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Ann N Y Acad Sci. 2012 Jul;1261:55-63. doi: 10.1111/j.1749-6632.2012.06633.x.

Glucocorticoid regulation of inflammation and its functional correlates: from HPA axis to glucocorticoid receptor dysfunction.

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Section on Neuroendocrine Immunology and Behavior, National Institute of Mental Health, National Institutes of Health, Bethesda, Maryland, USA.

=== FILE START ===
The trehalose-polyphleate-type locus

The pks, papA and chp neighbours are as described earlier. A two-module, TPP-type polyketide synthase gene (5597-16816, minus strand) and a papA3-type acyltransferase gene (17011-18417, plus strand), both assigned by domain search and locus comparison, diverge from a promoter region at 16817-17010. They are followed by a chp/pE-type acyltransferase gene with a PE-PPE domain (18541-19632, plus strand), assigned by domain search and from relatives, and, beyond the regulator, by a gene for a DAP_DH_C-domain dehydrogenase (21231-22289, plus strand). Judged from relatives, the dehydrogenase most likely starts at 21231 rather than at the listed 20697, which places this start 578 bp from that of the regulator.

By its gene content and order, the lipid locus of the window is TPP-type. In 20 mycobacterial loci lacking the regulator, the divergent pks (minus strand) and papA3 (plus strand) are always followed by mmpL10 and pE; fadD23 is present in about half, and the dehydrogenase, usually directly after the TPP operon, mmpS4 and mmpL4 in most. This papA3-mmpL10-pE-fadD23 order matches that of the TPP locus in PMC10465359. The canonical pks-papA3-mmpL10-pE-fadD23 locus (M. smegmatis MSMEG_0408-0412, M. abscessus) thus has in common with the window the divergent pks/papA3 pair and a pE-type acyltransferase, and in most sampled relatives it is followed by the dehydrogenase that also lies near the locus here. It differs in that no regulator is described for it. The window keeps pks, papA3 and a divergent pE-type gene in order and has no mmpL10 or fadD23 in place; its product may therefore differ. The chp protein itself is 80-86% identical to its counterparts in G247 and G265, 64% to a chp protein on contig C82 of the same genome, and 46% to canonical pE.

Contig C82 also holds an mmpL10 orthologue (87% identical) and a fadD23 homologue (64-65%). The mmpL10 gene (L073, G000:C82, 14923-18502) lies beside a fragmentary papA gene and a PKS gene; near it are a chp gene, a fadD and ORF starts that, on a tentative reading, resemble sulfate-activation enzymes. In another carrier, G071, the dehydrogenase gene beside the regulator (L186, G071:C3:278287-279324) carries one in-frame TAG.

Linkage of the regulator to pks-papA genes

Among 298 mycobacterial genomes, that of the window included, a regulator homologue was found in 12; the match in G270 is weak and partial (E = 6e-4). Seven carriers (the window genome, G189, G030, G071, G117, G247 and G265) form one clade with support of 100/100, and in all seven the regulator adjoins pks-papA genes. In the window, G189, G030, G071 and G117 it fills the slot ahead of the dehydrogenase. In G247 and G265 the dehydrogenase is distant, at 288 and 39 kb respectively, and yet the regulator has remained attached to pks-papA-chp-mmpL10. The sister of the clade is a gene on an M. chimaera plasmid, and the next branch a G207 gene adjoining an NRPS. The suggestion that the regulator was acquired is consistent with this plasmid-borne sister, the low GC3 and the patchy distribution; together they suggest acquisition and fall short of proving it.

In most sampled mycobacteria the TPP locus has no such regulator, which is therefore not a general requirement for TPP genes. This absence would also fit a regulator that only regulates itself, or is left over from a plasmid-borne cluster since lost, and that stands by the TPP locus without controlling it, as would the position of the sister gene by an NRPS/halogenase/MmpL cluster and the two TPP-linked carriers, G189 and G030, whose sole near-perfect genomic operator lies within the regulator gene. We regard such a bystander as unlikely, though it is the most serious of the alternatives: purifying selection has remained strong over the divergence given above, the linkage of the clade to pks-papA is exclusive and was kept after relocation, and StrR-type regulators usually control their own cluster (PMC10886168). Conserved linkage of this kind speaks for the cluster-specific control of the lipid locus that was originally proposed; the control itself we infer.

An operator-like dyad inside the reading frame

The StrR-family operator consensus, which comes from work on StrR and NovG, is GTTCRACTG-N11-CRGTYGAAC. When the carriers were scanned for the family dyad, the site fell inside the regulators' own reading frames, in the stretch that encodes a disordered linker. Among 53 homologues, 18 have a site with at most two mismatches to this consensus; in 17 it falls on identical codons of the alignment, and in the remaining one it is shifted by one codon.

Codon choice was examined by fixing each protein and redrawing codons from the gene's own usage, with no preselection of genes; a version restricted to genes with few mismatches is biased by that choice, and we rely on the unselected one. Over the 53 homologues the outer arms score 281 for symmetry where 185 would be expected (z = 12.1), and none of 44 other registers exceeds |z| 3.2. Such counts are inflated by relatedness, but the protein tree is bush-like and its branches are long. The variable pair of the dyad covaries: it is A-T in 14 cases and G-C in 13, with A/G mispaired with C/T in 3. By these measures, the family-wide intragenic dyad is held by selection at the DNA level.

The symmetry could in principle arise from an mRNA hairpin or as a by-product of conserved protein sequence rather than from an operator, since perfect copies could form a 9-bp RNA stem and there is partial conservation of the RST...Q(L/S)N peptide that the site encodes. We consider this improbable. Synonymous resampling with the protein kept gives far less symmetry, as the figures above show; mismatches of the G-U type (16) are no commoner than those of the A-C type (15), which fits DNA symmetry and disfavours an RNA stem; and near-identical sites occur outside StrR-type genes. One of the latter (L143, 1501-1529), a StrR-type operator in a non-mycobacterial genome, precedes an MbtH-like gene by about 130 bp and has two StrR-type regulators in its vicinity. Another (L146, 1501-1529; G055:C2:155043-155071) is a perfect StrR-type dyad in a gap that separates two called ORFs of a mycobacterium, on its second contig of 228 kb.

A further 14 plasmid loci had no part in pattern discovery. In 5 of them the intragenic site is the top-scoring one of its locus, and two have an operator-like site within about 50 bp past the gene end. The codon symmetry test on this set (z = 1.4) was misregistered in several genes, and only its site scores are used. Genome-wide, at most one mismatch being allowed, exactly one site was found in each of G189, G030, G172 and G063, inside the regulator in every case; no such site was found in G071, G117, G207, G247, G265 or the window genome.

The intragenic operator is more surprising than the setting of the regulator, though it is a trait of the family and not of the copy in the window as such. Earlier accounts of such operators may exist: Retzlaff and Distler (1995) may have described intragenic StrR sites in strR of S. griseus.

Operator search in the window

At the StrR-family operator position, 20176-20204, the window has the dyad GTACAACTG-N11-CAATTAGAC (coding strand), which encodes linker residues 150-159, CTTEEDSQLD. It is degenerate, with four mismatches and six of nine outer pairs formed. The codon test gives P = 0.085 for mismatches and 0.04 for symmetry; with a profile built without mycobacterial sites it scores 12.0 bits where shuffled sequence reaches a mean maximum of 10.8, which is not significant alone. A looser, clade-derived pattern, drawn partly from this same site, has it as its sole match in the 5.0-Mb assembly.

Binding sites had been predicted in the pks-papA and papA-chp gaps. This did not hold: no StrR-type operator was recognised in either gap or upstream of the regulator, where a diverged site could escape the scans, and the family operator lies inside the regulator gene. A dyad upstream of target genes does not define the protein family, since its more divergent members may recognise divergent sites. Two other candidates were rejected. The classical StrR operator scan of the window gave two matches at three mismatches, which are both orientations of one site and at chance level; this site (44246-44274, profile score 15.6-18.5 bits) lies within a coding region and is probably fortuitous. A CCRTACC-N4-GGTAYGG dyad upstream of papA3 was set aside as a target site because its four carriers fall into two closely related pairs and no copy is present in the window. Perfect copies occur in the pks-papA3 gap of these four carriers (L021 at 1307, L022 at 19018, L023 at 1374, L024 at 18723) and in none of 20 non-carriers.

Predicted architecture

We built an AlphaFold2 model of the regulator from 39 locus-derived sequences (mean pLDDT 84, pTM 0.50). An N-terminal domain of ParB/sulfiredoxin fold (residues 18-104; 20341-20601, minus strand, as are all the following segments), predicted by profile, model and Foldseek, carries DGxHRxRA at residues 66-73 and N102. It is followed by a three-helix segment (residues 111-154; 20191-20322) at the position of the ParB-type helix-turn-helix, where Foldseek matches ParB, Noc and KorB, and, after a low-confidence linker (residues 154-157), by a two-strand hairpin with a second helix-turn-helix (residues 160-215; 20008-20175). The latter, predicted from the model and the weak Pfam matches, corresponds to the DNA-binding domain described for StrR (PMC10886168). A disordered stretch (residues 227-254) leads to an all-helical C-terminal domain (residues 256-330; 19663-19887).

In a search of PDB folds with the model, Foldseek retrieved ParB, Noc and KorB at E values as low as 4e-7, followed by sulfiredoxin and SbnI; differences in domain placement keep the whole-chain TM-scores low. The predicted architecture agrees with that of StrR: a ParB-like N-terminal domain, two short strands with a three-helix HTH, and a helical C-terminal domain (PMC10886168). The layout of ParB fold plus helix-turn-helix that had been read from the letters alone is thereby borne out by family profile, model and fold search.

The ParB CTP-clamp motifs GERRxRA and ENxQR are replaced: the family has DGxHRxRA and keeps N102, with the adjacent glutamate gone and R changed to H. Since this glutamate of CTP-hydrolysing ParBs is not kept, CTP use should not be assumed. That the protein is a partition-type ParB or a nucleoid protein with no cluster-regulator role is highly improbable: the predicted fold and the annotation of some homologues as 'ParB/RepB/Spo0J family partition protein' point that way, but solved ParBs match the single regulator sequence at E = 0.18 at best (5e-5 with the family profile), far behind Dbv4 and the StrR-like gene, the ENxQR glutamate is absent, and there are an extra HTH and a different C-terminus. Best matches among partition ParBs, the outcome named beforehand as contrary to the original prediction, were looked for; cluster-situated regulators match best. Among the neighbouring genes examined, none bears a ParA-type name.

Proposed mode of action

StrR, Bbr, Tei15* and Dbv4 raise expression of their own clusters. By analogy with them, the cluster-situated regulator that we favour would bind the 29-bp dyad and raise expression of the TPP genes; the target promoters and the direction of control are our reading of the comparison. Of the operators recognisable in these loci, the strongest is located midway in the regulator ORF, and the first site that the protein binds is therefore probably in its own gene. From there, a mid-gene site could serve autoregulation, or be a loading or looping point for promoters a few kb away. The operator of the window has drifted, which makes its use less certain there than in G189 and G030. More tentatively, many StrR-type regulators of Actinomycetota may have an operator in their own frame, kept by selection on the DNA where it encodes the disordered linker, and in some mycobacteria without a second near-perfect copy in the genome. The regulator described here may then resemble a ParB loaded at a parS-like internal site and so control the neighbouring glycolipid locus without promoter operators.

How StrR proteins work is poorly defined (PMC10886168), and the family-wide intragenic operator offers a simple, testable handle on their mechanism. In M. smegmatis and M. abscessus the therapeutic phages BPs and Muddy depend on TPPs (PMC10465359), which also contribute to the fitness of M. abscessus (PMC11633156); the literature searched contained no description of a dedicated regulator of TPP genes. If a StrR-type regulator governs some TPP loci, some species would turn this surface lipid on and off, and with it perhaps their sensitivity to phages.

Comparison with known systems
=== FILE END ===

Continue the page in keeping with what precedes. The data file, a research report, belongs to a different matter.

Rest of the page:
Enhanced susceptibility to inflammatory and autoimmune disease can be related to impairments in HPA axis activity and associated hypocortisolism, or to glucocorticoid resistance resulting from impairments in local factors affecting glucocorticoid availability and function, including the glucocorticoid receptor (GR). The enhanced inflammation and hypercortisolism that typically characterize stress-related illnesses, such as depression, metabolic syndrome, cardiovascular disease, or osteoporosis, may also be related to increased glucocorticoid resistance. This review focuses on impaired GR function as a molecular mechanism of glucocorticoid resistance. Both genetic and environmental factors can contribute to impaired GR function. The evidence that glucocorticoid resistance can be environmentally induced has important implications for management of stress-related inflammatory illnesses and underscores the importance of prevention and management of chronic stress. The simultaneous assessment of neural, endocrine, and immune biomarkers through various noninvasive methods will also be discussed.

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